Anticipating ‘First Light’

Duck hunting is a revered tradition and rite of passage in the Mississippi Delta. My son grew up listening to his dad and his friends talk about everything involved with “the hunt.” Although you may not realize it, kids sit quietly at times and soak up every morsel of your conversations.

He learned they got together during hunting season to go to breakfast at the local diner while it was still dark. The restaurant always opened early during the season to accommodate the hunters’ schedule. Then they gathered back at the house to collect all the equipment they needed to head out to the duck hole before first shooting light. At seven-years-old, our son had not yet been invited to join the men’s excursion, but he always woke up early to hear them carrying out their rituals. 

One pre-dawn morning, after the guys left for breakfast, he climbed the short stairway up to the attic. After rummaging around, he found several pieces of camouflage netting and began to meticulously tape it around his tennis shoes. Not duct tape, but the scotch tape I kept in the kitchen junk drawer. Once his handiwork was complete, he went out to the back steps to wait for his dad to return from breakfast with his buddies. When they saw the young boy sitting there in his homemade “duck-hunting” gear, how could they say no to him tagging along?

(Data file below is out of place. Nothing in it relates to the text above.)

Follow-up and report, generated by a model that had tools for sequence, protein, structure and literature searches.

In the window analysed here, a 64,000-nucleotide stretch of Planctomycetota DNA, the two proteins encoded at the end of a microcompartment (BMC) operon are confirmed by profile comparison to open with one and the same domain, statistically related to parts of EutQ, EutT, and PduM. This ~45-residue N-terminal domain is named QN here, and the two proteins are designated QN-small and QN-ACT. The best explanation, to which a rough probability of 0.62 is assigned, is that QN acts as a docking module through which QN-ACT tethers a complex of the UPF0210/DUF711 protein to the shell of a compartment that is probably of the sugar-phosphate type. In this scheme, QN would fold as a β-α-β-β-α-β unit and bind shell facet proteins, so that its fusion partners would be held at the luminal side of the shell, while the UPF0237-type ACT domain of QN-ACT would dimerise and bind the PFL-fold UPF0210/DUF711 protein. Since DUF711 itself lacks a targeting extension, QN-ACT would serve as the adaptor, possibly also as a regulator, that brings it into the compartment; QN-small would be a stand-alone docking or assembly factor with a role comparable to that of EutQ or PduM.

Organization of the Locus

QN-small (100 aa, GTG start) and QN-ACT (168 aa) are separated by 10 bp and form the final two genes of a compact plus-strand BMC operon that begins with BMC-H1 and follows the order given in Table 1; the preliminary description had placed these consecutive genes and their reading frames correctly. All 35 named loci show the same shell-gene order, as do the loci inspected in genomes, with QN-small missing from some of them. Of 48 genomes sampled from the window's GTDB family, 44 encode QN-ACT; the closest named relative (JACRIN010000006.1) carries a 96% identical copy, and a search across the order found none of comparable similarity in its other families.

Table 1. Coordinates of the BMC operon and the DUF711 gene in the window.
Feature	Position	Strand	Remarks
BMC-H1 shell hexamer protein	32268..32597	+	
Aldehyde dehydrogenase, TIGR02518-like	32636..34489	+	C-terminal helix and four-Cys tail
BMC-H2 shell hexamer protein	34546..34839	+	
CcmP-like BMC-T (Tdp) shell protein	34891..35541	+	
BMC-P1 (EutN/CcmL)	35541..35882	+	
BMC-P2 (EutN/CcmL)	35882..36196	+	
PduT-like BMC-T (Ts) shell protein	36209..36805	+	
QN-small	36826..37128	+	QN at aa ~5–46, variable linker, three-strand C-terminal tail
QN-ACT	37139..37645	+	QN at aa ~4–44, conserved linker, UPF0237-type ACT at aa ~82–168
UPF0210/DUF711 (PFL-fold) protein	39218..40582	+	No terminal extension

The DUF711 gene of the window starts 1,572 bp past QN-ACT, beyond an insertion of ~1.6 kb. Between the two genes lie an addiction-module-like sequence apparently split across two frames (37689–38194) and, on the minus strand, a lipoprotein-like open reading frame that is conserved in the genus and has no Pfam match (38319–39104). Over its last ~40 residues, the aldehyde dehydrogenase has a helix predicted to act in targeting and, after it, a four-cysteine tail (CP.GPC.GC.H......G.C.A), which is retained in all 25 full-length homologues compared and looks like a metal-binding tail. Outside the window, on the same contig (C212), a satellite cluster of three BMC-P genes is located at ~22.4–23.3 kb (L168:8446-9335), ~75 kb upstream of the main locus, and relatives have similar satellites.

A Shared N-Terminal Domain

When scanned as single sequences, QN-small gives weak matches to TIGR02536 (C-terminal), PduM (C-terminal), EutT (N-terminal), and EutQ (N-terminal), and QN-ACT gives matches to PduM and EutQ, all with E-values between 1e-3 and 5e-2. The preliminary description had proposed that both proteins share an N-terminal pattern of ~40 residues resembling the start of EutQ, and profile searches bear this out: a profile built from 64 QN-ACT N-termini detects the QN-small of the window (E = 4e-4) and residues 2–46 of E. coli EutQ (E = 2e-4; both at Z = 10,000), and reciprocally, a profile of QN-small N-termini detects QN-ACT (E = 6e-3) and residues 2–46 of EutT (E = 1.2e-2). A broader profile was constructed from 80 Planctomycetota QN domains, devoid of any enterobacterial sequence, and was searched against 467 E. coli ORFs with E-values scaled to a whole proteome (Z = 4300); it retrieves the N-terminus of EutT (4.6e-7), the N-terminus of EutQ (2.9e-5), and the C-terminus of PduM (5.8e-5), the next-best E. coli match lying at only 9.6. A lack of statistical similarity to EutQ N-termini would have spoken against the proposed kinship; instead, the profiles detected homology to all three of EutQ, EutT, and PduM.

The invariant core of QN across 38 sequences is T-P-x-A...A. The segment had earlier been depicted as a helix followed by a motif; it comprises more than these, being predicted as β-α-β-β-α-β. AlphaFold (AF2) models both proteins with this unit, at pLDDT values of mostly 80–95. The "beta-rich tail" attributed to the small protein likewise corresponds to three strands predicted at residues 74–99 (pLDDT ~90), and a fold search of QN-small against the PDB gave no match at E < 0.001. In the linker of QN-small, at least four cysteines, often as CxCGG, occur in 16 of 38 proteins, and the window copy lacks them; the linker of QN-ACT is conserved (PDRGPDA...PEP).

As it turned out, he shot his first duck that day and named him “Fred.” 

First light is a special time in the morning that occurs about 30 minutes before sunrise. It’s always filled with anticipation about what the day will bring. Agriculture is filled with anticipation as well. As we draw closer to harvest season, everyone in the cotton industry is hoping for a bountiful crop.

Several field days that cover cotton also are offered in August and September. They are good “first light” barometers of what is to come in the pipeline. Check the calendar at cottonfarming.com, strap on your cotton farming gear and make plans to attend.

Who knows? If this season is a success, you may decide to name your 2023 crop “Fred.”

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